Illustration Alum Brian Wood (’97) was recently interviewed for an article in the Village Voice. He talked about why San Francisco just isn’t as good as New York (to him), how his artwork has developed, and the critical and social reaction to his art. Here’s an excerpt:
Comic-book fame is a funny thing: Even as Hollywood pushes the medium further into the mainstream, a sense of geek solidarity remains. Writers and artists feel compelled to stay in touch with their fans; the fans, in turn, continue to treat creators like best friends. “I’m hesitant to compare him to an emo band, but I feel like Brian has that sort of connection to the audience,” says James Lucas Jones, an editor at Oni Press who worked with Wood on Local. “People feel emotionally invested in him.”
Wood’s own fame was cemented in the late ’90s, after the publication of the William Gibson–esque Channel Zero. He now calls it something of “an art student’s rant”—a ” ‘zine where everybody talks about what pisses them off.” But Zero led to a writing stint at Marvel’s Generation X and paved the way for the series Couriers, Couscous Express, and Pounded, about a rock band in New York. Eventually, Wood transitioned from occasionally drawing into writing full-time, mostly because he “had so many ideas, and not enough time to put them to paper.”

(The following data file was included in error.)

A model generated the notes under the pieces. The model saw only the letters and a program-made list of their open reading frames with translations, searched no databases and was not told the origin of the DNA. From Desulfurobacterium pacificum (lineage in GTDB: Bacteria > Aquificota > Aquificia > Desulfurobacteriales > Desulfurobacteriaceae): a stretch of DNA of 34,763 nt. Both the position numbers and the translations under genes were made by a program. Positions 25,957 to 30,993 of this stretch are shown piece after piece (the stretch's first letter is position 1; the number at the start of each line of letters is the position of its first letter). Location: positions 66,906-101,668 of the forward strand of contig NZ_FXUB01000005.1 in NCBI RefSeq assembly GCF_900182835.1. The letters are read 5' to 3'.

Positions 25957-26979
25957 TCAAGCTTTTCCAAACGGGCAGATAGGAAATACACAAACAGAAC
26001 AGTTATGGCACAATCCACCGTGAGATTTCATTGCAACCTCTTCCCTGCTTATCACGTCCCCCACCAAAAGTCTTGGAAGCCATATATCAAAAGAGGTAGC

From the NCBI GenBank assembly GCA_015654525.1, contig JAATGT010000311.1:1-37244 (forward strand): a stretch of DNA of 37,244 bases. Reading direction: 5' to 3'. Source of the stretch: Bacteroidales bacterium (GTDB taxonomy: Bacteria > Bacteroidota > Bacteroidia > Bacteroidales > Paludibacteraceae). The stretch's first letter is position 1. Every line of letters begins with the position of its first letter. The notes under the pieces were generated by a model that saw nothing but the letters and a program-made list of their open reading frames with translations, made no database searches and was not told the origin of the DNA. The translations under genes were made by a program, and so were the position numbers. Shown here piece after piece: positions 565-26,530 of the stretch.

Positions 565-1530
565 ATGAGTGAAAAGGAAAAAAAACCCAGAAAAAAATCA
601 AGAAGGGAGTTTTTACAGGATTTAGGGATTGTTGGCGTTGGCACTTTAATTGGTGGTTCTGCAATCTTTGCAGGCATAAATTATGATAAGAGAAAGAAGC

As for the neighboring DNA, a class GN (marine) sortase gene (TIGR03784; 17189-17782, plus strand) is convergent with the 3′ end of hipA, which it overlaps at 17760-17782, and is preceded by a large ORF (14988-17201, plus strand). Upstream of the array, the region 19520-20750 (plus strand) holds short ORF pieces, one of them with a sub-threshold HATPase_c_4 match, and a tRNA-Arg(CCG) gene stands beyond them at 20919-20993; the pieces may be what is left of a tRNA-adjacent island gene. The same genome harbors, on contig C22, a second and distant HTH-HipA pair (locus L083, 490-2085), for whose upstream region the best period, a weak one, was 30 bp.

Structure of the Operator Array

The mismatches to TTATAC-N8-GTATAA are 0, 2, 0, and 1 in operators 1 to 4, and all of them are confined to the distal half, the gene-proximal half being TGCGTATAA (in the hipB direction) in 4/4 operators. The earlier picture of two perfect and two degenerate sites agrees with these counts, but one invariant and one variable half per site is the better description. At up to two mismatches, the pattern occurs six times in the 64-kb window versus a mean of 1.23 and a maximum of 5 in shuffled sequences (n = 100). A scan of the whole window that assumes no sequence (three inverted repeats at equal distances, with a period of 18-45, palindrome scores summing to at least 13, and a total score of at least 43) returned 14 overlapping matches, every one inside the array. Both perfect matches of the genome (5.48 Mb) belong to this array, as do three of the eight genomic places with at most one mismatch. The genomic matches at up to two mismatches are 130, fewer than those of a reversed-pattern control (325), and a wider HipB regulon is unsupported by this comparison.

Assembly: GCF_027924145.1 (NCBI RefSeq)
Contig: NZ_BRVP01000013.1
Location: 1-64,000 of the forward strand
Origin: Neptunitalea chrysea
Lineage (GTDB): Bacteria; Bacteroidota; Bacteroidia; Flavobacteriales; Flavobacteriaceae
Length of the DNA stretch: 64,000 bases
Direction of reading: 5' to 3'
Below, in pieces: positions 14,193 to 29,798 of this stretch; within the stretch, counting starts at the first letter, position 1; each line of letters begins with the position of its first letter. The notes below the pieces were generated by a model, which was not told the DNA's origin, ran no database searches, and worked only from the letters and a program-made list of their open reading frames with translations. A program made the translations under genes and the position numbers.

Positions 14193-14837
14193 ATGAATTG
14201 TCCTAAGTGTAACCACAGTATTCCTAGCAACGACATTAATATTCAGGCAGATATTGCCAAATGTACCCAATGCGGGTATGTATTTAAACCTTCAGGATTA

Make sure you read the rest of the article here. Brian also has a list of other articles about his work here on his official website. You can pick up a copy of his latest book, The New York Four here.
Congrats on your continuing success, Brian!